Jordan is a jewel of the Middle East, an enthralling country with spiritual landscapes and legendary places.
Jordan is a destination that calls to me loudly, tugging at me to bond with the land. As I travel through the country, visiting a tapestry of ancient ruins, biblical sites and desert landscapes, the feeling of déjà vu is like a tide that ebbs and flows. It’s a strange sensation of a familiarity with names, places and things. Even though I haven’t been here before, I feel like I know it well.
Places to visit in Jordan
Perhaps the déjà vu is triggered by distant memories of Sunday school lessons or more recent scenes from Hollywood movies. Nevertheless, Jordan is a country of spiritual landscapes, where prophets performed miracles, where some of the world’s oldest churches have been unearthed and where pilgrims journeyed through the desert from Jerusalem.
Many of Jordan’s historic sites are mentioned in the Old Testament. Do you remember Sunday school lessons about Bethany Beyond Jordan, where Jesus was baptized? Or Mount Nebo and Umm Quais, the site of the ruins of the Decapolis city of Gadara where Jesus cast demons out of two men into a herd of swine. The animals ran off down the hill and drowned in the Sea of Galilee.
Fortunately, Jordan’s compact size and excellent roads makes it an easy country to visit. For most people, hiring a driver and a private car is an affordable.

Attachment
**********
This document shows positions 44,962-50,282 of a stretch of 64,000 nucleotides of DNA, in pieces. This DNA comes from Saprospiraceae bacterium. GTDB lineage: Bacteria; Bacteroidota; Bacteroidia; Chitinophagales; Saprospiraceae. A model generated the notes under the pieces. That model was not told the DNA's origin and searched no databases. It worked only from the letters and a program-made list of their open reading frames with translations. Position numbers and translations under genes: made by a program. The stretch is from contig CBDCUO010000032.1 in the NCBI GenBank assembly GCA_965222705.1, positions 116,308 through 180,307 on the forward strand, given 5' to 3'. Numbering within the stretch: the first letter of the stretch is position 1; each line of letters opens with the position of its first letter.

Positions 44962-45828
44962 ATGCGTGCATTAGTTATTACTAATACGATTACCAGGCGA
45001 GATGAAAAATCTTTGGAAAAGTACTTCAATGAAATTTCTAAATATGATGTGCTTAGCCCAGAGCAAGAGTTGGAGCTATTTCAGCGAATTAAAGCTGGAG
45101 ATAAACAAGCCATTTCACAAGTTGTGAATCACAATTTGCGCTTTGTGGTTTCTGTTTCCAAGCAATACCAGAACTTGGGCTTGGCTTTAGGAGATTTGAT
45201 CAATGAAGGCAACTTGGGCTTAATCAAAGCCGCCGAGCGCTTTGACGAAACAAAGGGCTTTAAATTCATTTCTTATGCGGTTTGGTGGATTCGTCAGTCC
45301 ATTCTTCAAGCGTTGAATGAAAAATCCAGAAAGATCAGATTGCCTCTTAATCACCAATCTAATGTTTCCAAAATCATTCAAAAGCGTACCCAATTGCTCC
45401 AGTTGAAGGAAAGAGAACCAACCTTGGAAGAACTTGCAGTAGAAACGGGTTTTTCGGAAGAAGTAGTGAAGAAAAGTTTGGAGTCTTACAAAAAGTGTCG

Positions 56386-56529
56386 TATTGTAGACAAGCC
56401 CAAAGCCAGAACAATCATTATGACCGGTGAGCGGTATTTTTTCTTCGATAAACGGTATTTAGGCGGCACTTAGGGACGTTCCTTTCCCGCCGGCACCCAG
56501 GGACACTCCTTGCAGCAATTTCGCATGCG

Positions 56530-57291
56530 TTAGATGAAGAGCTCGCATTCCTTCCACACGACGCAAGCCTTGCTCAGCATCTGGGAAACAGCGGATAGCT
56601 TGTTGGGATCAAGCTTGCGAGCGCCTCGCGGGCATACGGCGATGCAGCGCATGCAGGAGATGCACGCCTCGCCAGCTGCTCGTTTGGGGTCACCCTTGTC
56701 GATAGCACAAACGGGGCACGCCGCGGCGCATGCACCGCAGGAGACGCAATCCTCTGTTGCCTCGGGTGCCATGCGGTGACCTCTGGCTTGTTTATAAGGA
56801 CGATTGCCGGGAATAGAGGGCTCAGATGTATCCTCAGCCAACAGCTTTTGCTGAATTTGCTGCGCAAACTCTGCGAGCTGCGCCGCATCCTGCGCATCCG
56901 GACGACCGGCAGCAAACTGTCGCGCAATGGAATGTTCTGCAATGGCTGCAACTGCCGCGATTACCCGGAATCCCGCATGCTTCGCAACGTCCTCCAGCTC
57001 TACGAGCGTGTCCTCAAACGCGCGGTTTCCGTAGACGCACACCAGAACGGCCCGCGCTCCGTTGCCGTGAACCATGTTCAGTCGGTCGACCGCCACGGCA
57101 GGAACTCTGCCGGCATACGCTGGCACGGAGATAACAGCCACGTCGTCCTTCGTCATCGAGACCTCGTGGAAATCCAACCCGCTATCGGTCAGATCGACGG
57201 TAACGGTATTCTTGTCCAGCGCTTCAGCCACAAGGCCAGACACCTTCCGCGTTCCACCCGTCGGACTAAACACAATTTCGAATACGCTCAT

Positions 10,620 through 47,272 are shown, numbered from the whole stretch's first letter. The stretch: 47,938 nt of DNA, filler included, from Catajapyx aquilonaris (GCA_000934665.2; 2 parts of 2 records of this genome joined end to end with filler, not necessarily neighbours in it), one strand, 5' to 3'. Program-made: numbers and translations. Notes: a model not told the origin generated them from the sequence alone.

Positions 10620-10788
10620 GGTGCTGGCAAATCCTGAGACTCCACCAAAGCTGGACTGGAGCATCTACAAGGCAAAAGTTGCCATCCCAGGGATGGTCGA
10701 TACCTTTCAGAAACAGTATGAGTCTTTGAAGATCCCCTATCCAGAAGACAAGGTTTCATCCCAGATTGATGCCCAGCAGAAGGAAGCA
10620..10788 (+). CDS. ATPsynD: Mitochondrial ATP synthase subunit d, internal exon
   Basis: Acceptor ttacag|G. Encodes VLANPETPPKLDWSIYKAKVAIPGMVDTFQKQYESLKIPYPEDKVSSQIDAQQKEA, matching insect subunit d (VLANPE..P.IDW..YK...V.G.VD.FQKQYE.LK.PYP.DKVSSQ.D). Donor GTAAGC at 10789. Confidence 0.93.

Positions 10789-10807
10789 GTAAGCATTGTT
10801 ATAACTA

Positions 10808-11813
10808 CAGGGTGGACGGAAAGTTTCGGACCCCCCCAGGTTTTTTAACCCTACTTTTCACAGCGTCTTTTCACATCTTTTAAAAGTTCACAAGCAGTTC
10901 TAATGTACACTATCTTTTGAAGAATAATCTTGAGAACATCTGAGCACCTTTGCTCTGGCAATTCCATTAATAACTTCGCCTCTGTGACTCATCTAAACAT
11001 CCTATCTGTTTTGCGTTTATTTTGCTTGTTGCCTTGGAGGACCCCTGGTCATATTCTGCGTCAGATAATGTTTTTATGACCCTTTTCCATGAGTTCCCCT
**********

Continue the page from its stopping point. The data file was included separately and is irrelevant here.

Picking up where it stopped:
From Amman, it’s worth taking a day trip to the Roman ruins at Jerash. From there, my driver heads to Mount Nebo, where according to the Bible, Moses looked out at the land promised by God to the Israelites.
The parched undulating landscape is treeless and vast. Somewhere in these is hills is where Moses himself is supposed to be buried.
A sign board points the way to Jericho, Qumran and Bethlehem. The Serpentine Cross, which stands on the hill, symbolises the bronze serpent taken by Moses into the desert and the cross upon which Jesus was crucified.
A short drive to Madaba brings me to the Greek Orthodox Church of St George. The church houses a 6th-century floor mosaic map of Jerusalem and the Holy Land.
The map covers a section of the church’s floor and is the oldest known map of the area.
Madaba is called the “City of Mosaics” because of the hundreds of mosaics dating back to the 5th to the 7th centuries scattered through Madaba’s churches and homes.
Fortunately, the craft is being kept alive at the Madaba Institute for Mosaic Art and Restoration, which is a government funded operation that trains artisans in the art of making, repairing and restoring mosaics.